Another aspect of the Senator Sanders/Representative Ocasio-Cortez Bill (see recent post) that rings alarm bells for all those interested in sound public policy, is its inclusion of yet another plan to move the U.S. Postal Service (USPS) into “postal banking”.
The bill contains a proposal “to build and expand basic post office banking services as an accessible, affordable alternative to check-cashing and payday-lending businesses”. Representative Ocasio-Cortez has said, “We should have a not-for-profit public option for basic banking services, and we should be piloting these projects through the US Postal Service….”. This would include the provision of small dollar loans.
Post office banking is not a new idea. In fact, it has been considered in various forms for decades. In 2014, the idea became more closely related to the provision of financial services to the unbanked when the Postal Service’s Office of Inspector General floated the idea. This proposal drew instant criticism from both within the USPS itself and from banks and financial services providers. The then-CEO of the Independent Community Bankers of America memorably defined it as “…the worst idea since the Ford Edsel”.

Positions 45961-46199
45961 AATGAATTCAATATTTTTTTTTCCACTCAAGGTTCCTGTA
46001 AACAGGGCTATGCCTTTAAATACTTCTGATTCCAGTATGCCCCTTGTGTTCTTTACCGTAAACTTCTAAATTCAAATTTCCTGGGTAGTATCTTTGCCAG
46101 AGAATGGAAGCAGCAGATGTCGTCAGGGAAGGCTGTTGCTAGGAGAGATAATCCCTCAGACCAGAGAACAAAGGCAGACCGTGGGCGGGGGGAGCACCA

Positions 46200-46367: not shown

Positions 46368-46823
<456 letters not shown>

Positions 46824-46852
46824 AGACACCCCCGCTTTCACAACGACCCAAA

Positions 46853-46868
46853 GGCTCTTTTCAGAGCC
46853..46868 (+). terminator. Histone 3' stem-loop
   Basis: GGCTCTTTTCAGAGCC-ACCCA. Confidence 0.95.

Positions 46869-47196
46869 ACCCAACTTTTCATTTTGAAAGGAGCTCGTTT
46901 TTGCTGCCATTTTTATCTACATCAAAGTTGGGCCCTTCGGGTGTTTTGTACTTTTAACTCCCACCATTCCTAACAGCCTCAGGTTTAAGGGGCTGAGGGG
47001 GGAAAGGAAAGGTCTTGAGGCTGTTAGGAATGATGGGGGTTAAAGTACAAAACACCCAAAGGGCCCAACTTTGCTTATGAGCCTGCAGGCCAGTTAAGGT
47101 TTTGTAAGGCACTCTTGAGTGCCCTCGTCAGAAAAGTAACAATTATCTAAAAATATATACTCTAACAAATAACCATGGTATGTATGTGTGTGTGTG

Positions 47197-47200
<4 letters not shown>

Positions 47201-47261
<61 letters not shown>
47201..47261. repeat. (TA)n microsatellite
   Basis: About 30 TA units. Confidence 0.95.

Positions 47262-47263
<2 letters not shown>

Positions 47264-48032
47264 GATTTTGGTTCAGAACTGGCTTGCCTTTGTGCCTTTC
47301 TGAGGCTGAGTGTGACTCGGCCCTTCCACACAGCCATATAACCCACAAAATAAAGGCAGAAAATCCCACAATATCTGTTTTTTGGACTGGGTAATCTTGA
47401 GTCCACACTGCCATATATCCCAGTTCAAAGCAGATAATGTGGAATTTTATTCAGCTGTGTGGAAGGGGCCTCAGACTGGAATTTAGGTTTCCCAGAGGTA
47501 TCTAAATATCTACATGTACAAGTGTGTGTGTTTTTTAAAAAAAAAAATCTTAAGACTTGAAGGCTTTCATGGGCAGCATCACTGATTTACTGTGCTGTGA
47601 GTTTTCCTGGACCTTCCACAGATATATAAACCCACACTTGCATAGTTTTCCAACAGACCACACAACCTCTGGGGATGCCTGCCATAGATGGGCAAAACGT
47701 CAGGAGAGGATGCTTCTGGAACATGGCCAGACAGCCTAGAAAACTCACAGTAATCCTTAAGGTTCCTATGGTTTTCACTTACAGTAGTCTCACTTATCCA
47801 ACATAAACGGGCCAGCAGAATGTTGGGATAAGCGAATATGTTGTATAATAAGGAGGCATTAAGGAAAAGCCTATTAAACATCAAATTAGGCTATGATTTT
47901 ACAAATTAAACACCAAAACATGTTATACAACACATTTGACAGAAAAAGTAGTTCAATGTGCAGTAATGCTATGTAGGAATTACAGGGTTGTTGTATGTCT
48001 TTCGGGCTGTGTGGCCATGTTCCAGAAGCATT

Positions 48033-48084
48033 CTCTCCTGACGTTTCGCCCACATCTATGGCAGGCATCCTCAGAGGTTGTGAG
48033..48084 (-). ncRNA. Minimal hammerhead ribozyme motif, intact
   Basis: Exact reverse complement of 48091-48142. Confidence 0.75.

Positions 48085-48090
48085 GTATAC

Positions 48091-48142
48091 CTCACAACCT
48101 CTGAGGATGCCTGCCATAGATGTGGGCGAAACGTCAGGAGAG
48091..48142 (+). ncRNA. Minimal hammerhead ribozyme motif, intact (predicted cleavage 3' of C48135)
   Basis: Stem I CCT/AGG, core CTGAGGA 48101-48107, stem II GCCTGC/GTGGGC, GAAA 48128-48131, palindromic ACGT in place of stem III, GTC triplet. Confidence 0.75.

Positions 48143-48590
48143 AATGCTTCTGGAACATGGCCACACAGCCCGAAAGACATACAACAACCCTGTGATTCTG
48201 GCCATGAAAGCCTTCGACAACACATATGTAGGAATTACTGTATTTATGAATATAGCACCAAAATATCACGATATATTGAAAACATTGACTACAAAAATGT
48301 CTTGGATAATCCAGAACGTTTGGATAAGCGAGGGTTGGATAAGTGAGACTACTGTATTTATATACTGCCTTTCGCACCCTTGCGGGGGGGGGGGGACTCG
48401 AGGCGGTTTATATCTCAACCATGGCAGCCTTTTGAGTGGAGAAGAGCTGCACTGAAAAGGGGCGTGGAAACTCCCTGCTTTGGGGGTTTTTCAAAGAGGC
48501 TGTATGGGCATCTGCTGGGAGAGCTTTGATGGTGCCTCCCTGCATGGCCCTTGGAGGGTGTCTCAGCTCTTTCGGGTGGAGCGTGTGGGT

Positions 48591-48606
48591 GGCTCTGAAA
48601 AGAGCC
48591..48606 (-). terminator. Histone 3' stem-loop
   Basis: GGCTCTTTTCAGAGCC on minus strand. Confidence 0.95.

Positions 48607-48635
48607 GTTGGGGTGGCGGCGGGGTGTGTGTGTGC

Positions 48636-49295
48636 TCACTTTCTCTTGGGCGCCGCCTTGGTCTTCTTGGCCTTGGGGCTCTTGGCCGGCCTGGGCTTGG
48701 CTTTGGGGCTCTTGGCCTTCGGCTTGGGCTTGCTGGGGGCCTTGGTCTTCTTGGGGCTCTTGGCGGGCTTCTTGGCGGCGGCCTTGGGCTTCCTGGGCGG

Tax Funded Bank to compete with Tax Paying Banks?
The banking community is, predictably, united in opposition to the latest proposal too. The American Bankers Association has long opposed granting banking powers to USPS, and has noted that postal banking could be perceived as a government-endorsed, taxpayer funded provider competing with taxpaying banks, and that it would create risks that USPS is ill-suited to manage.
In April 2018, President Trump established a task force within the Treasury Department focused on Postal Reform. Its report, issued in December, was clear on the issue, saying:
“Given the USPS’s narrow expertise and capital limitations, expanding into sectors where the USPS does not have a comparative advantage or where balance sheet risk might arise, such as postal banking, should not be pursued….”
The report rightly focused on areas where USPS could grow revenue without taking on balance sheet risk, such as processing hunting and fishing licenses or renting space to complementary retail establishments.
Installment Lenders Can Help Solve the Problem “Postal Banking” Seeks to Address
The frustration for NILA members is that, despite great strides in understanding in recent years, policymakers are still looking for novel small-dollar loan solutions without closely considering the merits of traditional installment loans.
We believe that NILA members can be part of the policy solution for lawmakers who are seeking a non-bank credit source with lenders originating affordable loans from within borrowers’ communities, operating under strict regulations. Installment lenders have been doing this for decades and surely represent a more realistic option than giving the job to the post office?
We believe any effort to mandate post offices provide this service is doomed to failure. The challenge is, perhaps, best summed up in NILA’s FAQs:
“When is the busiest time for consumer loans? The holidays. Have you seen the lines at a Post Office in December?”